DALLAS (CN) – A Texan who paid $350,000 to kill an endangered black rhino in Africa cannot sue Delta Airlines for refusing to ship his trophy home because it can ship whatever it chooses, so long as it applies to all passengers equally, a federal judge ruled.
U.S. District Judge Barbara M.G. Lynn said plaintiffs Corey Knowlton, Dallas Safari Club, et al. “misappl[y] the equal protection” common law principle that allows common carriers to refuse to ship items.
“Delta’s policy bans its shipment of Big Five trophies. Obviously, it does not ban the hunting of Big Five game,” the 20-page opinion states. “Such hunters are free to ship allowed cargo with Delta, including trophies of other game. Although, because Plaintiffs are hunters or other parties who benefit from the hunting of the Big Five, Delta’s ban negatively affects them, that impact does not mean Delta’s decision is unlawful or actionable.”
Big Five trophies are the African lion, African elephant, African leopard, Cape buffalo and the white or black rhinoceros.
Knowlton made headlines in January 2014 when the Dallas Safari Club accepted his bid for a hunt and Namibia’s Ministry of Environment and Tourism issued him a permit to kill the rhino. Despite criticism from animal rights groups and several death threats, Knowlton killed the rhino four months later.
Knowlton sued Delta in October 2015, a year after Delta enacted the Big Five ban in response to public outcry over Minnesota dentist Walter Palmer’s killing a beloved lion named Cecil in Zimbabwe.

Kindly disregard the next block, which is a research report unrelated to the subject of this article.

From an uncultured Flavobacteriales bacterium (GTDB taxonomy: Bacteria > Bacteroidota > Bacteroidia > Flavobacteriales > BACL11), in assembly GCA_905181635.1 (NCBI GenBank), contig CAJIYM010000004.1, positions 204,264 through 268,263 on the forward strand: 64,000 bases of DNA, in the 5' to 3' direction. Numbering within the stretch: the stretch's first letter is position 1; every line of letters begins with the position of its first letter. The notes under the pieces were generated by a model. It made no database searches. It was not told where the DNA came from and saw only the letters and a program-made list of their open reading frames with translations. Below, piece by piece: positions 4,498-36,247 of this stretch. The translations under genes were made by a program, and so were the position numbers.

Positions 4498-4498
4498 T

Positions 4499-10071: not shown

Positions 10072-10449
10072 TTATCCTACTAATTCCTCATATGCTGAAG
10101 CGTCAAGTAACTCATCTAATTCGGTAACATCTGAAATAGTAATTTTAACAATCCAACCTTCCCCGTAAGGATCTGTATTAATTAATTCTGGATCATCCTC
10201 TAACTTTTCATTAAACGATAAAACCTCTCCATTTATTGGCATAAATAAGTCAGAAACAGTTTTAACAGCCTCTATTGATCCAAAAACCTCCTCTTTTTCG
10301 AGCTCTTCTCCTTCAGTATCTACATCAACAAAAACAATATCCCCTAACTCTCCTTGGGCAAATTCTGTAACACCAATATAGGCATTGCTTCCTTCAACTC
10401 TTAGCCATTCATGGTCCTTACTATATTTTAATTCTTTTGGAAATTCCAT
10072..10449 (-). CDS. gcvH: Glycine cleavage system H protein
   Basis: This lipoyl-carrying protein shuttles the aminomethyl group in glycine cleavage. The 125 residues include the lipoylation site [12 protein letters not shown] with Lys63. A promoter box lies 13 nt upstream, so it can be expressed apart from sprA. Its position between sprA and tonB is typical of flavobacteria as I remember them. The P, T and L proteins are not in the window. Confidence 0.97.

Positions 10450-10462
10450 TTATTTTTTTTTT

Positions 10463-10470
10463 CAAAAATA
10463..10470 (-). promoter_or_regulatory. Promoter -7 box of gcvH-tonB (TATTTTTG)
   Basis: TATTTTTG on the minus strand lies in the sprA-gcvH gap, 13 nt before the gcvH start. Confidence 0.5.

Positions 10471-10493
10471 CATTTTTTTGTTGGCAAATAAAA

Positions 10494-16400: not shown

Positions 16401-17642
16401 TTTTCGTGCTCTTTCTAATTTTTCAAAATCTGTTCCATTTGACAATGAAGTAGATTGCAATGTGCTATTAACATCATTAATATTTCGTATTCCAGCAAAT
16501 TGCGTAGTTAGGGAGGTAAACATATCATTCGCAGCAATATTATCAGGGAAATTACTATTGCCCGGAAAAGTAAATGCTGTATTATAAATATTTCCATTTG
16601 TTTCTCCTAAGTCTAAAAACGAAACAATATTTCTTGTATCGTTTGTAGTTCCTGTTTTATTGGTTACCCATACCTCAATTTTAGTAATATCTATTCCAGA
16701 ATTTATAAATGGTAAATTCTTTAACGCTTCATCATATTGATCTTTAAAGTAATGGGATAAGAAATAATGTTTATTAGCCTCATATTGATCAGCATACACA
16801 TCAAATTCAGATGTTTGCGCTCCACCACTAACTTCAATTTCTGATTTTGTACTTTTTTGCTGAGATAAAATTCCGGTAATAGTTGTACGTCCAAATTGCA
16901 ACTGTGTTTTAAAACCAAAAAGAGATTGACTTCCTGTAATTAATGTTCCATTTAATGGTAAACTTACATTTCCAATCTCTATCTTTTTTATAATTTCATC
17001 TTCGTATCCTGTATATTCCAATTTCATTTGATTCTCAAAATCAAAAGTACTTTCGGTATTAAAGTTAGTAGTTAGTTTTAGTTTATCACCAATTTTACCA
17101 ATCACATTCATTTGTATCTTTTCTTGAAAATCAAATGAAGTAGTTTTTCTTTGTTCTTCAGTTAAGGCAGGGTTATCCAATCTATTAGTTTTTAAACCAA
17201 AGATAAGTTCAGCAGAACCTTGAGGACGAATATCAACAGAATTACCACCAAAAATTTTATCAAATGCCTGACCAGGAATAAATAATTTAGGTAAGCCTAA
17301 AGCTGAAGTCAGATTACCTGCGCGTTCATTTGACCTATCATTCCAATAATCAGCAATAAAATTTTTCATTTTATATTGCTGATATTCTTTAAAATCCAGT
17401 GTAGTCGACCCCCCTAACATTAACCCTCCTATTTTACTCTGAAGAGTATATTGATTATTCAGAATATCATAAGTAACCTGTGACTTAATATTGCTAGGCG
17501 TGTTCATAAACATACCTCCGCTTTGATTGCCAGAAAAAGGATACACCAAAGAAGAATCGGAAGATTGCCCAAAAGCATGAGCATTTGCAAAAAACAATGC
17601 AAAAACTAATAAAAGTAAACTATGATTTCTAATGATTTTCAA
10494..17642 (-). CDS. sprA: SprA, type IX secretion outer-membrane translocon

Knowlton accused Delta of robbing “wildlife habitat of its economic value, encouraging habitat conversion to agriculture, grazing, and industry, and undercutting range states’ tried-and-true conservation strategy.”
He claimed the ban “jeopardizes the benefits of tourist hunting and its centrality to conservation” in Africa.
Delta sought dismissal in January, calling it an “absurdity” for the plaintiffs to claim it must carry Big Five trophies if it carries other trophies.
“If it were true, an airline that accepted hunting shotguns as checked baggage would also have to accept AK-47s and grenade launchers,” Delta’s dismissal motion stated. “Not surprisingly, the case law rejects this position.”
Lynn dismissed the claim of tortious interference Monday.
“Although plaintiffs correctly conclude that claims arising out of defamatory conduct would not usually relate to an airline’s service, plaintiffs’ tortious interference claim in this case does relate to Delta’s services,” the opinion states. “There is, in fact, no defamatory statement alleged. Delta merely altered the scope of its services by refusing to transport a designated kind of commodity – Big Five trophies. It never said the hunting or transport of such species was unlawful.”
Lynn dismissed the case in its entirety.
Knowlton’s attorneys did not respond to an email message requesting comment late Tuesday evening. Delta spokesman Brian Kruse declined to comment on the dismissal Wednesday morning.
The other plaintiffs were the Houston Safari Club, Conservation Force, the Campfire Association and the Tanzania Hunting Operators Association.
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